"I Call Them My Children--To Myself, Susan"
Regarded as one of the great American Realists of the nineteenth century, Winslow Homer is known primarily for his large body of works in oil and watercolor. However, he also had an early career as a freelance illustrator, making drawings for wood engravings that were reproduced in mass-circulation periodicals such as Harper’s Weekly. In 1998, the Brooklyn Museum received a generous gift of more than 250 wood-engraved illustrations by Homer from Harvey Isbitts.
Homer was commissioned to create five illustrations for the serialized novel, Susan Fielding. Rooted in contrasts between city and country, wealth and poverty, virtue and duplicity, the novel is full of romantic intrigue. Orphaned and impoverished, Susan comes under the care of her elderly Uncle Adam, who shows her his garden behind the small cottage that is now her home in a rural French village. It is the only spot of beauty in his Spartan life, and the brilliant color of the flowers reminds Susan of her own lackluster existence. Uncle Adam’s loneliness is underscored in his wistful comment about his blooms, “I call them my children—to myself—Susan.”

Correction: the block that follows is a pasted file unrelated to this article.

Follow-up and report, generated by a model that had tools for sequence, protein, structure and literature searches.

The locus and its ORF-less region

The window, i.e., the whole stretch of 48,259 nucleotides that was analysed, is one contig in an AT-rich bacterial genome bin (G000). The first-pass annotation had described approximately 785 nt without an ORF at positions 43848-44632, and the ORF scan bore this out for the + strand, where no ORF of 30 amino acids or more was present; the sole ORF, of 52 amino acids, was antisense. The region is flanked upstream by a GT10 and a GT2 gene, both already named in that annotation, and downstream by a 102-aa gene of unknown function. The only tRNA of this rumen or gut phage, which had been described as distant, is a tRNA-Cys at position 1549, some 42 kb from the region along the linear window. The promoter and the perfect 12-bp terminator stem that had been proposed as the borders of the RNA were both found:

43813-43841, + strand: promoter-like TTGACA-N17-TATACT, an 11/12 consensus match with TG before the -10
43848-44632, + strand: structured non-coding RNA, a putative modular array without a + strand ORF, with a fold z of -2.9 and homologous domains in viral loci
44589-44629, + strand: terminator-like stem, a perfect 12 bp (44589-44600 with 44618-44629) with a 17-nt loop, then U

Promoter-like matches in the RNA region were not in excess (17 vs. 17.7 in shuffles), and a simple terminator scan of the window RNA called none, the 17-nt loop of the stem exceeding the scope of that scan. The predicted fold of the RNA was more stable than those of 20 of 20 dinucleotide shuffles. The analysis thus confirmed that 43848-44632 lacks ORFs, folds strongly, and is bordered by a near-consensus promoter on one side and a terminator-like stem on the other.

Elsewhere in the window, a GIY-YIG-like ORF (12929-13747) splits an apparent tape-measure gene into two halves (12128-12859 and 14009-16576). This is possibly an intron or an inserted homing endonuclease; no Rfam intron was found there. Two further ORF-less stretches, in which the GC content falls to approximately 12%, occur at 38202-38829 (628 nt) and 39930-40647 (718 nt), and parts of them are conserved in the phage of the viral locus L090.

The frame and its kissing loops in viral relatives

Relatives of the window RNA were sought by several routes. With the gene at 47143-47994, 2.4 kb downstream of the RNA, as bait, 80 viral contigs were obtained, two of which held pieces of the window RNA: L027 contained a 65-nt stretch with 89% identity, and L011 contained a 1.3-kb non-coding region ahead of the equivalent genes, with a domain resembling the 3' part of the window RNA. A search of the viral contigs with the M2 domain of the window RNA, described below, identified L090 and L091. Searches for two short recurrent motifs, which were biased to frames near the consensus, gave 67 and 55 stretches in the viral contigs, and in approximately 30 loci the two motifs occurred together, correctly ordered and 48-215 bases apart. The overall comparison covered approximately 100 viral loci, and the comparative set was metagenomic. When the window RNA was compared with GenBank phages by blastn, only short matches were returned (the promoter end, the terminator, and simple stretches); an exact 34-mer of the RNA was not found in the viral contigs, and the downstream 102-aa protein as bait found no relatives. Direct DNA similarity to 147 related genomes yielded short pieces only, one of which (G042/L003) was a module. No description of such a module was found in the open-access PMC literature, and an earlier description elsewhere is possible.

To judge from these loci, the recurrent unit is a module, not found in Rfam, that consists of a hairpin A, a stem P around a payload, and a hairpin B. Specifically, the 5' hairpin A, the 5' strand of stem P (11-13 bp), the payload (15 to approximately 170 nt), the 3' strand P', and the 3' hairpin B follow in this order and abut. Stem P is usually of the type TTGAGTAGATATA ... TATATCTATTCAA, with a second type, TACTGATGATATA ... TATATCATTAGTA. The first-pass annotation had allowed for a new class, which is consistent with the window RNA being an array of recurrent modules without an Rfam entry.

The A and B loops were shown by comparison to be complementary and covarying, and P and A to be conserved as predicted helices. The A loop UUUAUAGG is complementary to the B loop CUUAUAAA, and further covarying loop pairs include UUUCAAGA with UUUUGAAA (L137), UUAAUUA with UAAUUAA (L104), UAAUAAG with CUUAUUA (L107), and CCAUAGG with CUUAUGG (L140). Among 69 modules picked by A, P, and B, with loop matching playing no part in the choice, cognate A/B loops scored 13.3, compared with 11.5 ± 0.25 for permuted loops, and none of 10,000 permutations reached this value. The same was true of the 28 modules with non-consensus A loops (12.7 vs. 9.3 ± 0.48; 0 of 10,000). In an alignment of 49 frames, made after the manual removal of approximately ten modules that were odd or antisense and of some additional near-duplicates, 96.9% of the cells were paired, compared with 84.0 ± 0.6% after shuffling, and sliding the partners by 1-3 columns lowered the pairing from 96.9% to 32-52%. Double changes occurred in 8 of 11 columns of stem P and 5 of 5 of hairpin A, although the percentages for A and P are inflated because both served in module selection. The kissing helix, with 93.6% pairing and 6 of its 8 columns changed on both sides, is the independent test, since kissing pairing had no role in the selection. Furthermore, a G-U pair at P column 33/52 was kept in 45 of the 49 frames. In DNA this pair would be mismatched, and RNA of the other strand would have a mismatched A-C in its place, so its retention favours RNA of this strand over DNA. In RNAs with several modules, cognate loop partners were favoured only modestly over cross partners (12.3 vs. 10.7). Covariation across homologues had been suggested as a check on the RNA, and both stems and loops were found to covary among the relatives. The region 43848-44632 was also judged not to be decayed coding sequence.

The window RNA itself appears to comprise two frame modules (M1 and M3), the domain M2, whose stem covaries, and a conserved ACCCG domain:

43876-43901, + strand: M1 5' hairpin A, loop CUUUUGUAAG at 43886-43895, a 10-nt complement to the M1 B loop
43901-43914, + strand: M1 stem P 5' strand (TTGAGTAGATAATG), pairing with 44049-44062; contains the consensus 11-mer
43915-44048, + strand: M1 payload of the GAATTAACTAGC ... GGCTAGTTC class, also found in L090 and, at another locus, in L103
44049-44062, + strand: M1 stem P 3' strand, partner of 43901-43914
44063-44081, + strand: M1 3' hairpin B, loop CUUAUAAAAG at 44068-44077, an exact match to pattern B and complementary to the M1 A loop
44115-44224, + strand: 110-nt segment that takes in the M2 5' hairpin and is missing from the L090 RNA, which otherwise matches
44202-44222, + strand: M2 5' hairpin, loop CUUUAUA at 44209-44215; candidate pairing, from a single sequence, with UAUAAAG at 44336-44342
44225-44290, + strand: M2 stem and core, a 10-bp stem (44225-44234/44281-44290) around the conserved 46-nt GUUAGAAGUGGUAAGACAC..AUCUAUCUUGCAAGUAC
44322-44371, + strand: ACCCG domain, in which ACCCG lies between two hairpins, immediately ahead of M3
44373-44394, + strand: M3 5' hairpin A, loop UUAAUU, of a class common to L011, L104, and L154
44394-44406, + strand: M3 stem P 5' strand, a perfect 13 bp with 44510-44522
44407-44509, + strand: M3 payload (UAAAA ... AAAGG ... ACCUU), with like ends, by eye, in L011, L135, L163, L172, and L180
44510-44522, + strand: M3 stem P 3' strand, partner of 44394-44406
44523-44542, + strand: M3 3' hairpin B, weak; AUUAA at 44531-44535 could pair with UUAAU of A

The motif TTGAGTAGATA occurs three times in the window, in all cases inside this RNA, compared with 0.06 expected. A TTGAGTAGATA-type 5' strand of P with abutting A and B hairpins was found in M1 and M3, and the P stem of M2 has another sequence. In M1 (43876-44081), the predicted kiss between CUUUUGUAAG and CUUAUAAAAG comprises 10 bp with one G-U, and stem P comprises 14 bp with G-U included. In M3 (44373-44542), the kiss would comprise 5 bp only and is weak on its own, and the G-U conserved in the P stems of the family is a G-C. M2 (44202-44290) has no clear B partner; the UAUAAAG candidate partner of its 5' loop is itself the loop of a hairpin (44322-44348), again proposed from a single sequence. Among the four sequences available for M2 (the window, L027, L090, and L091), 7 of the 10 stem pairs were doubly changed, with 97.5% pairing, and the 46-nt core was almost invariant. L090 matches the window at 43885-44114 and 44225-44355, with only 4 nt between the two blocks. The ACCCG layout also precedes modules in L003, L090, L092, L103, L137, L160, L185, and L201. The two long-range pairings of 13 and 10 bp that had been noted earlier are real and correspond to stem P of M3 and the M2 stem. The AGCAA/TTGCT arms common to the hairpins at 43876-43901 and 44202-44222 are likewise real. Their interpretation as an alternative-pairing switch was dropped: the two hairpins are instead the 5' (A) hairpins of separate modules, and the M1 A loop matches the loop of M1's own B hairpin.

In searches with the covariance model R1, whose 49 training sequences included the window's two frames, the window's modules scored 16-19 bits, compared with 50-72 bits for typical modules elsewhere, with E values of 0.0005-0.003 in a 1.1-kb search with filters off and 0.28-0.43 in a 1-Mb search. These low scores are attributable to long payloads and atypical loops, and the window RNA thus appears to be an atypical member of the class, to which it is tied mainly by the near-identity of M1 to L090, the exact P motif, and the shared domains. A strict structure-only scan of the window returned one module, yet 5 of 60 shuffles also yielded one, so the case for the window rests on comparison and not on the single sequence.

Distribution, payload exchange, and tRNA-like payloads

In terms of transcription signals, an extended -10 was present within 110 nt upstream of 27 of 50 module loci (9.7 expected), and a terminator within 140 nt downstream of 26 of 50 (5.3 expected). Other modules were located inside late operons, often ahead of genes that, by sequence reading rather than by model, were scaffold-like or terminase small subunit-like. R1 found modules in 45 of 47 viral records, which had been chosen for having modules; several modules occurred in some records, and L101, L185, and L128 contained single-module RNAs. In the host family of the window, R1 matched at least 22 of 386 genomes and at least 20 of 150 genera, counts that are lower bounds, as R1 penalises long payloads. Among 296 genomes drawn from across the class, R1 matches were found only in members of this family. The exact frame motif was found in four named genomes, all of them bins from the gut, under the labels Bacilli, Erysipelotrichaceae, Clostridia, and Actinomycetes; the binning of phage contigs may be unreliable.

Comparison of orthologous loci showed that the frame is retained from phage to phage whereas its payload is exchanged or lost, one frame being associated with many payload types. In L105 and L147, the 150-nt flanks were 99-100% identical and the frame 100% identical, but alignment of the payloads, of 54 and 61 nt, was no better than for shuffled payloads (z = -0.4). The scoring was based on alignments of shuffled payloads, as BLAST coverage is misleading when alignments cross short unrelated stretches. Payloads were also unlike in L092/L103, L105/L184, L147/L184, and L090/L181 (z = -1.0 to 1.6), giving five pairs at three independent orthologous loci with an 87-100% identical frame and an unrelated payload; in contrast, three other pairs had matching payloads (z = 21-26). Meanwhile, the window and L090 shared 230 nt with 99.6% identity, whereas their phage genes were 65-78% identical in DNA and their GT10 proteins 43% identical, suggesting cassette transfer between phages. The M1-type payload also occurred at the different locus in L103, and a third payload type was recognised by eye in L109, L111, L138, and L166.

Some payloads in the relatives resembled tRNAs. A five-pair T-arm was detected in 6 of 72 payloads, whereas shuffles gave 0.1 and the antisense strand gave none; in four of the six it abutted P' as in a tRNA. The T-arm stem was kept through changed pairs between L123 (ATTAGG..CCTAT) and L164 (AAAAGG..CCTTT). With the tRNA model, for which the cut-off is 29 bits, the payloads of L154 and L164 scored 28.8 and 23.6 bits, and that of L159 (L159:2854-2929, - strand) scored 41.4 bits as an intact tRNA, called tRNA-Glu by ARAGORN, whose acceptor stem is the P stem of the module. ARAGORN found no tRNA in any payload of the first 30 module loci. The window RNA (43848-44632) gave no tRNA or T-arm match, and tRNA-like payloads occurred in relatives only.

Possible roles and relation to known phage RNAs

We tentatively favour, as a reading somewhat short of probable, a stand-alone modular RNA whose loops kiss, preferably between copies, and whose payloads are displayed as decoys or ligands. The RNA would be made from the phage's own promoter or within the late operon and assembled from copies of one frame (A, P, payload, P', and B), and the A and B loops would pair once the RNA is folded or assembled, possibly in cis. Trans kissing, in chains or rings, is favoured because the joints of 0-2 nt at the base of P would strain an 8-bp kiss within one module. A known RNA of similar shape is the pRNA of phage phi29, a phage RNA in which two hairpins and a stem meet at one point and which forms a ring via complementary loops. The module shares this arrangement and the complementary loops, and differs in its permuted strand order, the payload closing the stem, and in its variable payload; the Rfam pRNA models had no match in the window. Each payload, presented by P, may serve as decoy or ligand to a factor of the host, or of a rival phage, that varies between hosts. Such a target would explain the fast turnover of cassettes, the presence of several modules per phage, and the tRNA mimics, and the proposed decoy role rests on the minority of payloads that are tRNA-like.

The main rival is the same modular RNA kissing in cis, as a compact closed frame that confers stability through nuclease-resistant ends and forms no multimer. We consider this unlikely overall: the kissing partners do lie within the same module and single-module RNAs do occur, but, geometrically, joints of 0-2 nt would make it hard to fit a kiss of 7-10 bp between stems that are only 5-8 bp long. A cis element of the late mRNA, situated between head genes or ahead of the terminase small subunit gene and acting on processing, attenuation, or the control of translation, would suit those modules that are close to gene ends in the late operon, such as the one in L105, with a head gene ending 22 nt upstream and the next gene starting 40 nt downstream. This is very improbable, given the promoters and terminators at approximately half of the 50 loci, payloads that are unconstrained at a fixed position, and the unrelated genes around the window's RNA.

Image: 7 x 4 1/2 in. (17.8 x 11.4 cm)
Sheet: 9 1/4 x 5 3/4 in. (23.5 x 14.6 cm)
Frame: 20 x 15 x 1 1/2 in. (50.8 x 38.1 x 3.8 cm)
Lower left, below image: "Drawn by Winslow Homer."
Gift of Harvey Isbitts
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